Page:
Finding a sleep pattern that works for you leads to more productive, enjoyable and even safer days.
A while back, I attended a seminar out of town and shared a hotel room with three other women. Without fail, they were sound asleep each night long before I was.
I've rarely fallen asleep quickly, and I'm a light sleeper—even small sounds or movements wake me up. On the plus side, I don't need a lot of sleep. Five or six hours are more than sufficient enough for me to function well. Luckily, I rarely suffer from insomnia that keeps me awake all night, and most mornings, I wake easily and early.
But many people have problems getting enough good sleep. A 2013 National Sleep Foundation study reported that 67 percent of respondents said they don't get enough sleep, especially on workdays, and a lack of sleep can affect us dramatically.
"In the short term, a lack of adequate sleep can affect judgment, mood, ability to learn and retain information, and may increase the risk of serious accidents and injury," states the Harvard Medical School Division of Sleep Medicine on its website.
"In the long term, chronic sleep deprivation may lead to a host of health problems including obesity, diabetes, cardiovascular disease and even early mortality."
For drivers, a lack of sleep can be as dangerous as drinking.
"[D]rowsy driving is responsible for fully 20 percent of all motor vehicle crashes," the Harvard study concluded. "That would mean that drowsy driving causes approximately 1 million crashes, 500,000 injuries and 8,000 deaths each year in the U.S." The Centers for Disease Control reports drunk driving was responsible for about a third of traffic-related deaths in 2010.
A good night's sleep helps your brain work properly. "Whether you're learning math, how to play the piano, how to perfect your golf swing, or how to drive a car, sleep helps enhance your learning and problem-solving skills," the National Institutes of Health states. "Sleep also helps you pay attention, make decisions and be creative."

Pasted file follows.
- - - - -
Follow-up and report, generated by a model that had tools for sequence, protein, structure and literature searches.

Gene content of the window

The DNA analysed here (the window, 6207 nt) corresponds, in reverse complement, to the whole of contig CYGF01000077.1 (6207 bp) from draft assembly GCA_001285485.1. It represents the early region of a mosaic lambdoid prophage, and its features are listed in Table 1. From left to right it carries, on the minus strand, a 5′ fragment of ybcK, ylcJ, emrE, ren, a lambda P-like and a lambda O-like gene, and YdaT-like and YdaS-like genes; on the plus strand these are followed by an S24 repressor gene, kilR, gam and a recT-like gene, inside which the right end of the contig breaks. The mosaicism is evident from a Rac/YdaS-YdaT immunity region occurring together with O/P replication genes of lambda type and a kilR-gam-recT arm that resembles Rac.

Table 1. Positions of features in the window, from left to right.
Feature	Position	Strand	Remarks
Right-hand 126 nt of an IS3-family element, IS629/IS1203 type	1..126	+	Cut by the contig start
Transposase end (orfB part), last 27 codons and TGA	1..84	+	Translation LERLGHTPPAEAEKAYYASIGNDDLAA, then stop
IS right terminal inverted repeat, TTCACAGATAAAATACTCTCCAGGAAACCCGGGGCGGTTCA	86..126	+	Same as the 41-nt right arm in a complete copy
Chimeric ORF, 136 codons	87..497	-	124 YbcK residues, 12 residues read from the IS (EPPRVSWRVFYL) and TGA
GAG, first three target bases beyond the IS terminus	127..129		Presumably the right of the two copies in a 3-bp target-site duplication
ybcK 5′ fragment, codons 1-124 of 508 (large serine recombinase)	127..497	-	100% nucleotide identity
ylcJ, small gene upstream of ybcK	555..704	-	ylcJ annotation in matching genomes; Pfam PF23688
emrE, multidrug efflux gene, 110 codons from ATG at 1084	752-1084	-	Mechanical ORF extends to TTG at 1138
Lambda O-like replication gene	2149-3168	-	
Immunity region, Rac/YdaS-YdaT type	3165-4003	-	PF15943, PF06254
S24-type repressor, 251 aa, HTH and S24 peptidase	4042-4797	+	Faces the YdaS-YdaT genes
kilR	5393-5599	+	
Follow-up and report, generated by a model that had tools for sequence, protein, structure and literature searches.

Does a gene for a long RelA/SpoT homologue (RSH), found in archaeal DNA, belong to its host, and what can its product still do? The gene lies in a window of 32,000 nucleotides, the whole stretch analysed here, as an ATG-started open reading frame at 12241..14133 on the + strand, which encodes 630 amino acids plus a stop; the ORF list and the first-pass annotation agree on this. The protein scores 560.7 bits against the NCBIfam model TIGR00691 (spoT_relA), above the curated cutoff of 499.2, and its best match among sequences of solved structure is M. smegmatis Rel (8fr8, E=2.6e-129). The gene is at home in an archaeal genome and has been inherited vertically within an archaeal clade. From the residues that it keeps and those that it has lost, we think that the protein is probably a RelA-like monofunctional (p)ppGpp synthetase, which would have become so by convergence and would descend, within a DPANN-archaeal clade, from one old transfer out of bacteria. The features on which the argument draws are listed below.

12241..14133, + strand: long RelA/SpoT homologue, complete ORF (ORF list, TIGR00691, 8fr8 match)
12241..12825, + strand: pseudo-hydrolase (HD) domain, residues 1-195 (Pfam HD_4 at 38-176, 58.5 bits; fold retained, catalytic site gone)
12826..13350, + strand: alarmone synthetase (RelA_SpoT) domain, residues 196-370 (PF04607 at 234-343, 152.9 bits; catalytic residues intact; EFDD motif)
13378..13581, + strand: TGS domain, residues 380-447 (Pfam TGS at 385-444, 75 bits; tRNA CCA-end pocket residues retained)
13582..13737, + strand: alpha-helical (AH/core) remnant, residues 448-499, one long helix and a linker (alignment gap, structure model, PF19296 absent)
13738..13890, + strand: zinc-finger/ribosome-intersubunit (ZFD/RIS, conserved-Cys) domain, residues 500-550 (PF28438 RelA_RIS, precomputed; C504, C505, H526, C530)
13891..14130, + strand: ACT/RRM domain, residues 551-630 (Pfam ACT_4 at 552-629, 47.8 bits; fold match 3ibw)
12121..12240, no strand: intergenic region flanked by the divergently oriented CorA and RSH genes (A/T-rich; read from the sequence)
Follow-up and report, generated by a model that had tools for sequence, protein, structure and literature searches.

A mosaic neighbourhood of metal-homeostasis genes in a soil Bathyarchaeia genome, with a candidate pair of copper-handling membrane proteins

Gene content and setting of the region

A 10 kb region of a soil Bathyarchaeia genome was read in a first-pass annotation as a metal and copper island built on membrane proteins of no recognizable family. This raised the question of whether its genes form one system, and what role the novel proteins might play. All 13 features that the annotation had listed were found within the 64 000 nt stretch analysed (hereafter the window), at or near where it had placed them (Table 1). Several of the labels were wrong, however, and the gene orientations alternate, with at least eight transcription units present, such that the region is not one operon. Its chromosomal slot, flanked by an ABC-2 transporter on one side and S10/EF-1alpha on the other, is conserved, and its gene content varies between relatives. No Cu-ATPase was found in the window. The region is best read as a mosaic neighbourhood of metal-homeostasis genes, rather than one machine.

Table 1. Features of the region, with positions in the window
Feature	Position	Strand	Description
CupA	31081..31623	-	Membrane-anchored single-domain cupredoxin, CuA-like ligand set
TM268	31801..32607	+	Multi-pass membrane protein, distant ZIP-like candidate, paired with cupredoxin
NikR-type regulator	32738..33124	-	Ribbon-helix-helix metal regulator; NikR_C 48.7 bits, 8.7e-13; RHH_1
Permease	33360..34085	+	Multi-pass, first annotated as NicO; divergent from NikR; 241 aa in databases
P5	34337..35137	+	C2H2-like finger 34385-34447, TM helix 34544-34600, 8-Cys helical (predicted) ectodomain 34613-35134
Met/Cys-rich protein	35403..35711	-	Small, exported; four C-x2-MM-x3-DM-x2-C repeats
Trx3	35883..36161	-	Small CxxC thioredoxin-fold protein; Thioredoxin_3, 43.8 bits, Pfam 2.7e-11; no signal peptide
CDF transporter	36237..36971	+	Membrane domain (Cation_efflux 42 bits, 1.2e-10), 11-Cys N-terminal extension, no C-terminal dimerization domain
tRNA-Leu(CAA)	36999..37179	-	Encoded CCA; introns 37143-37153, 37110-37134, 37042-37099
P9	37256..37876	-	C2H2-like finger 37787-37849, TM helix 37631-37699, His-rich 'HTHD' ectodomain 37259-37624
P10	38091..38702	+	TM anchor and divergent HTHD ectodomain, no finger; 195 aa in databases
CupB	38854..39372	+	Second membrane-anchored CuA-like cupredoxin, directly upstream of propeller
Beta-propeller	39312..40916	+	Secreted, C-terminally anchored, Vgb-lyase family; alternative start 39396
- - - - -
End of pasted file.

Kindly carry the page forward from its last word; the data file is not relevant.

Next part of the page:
Your body also benefits from sleep—it can speed up the healing process, maintain hormonal balance, and sleep also supports healthy growth and development.
Medical help is available for sleep disturbances, and you should seek professional care if lack of sleep is interfering with your ability to function. If you have occasional problems sleeping, the Mayo Clinic offers the following tips:
Stick to a schedule. A consistent timetable will train your body and brain. Try to go to bed and wake up at the same time every day, even when you're tempted to sleep in.
Watch what you consume. Stop eating a few hours before bedtime. You should be comfortable, not full or hungry. Limit fluids late at night to avoid midnight trips to the bathroom. Avoid stimulants such as caffeine and nicotine. Alcohol might make you feel tired initially, but can interrupt sleep later.
Consider a calming ritual. Turn off the TV, the computer and your iPhone to relax, read, listen to soothing music or take a warm bath. Many find meditation an excellent transition.
Find your sleep comfort zone. Make your room cool, dark and quiet. Try lavender scents and "white" noise, like a fan. Invest in a good mattress and insist that the kids and pets find their own beds.
Avoid napping. A nap might seem like a good idea, but it can make overnight sleep more difficult. If you must nap, keep it short (10-30 minutes) and make it early.
Exercise. Getting your body moving early in the day can help you sleep better at night. Avoid exercise late; it's energizing, which is not what you want at bedtime.
Learn to manage stress. Whether through exercise or organization, cutting stress is always a good thing. If you need a break, take one. Even a good laugh can do you good.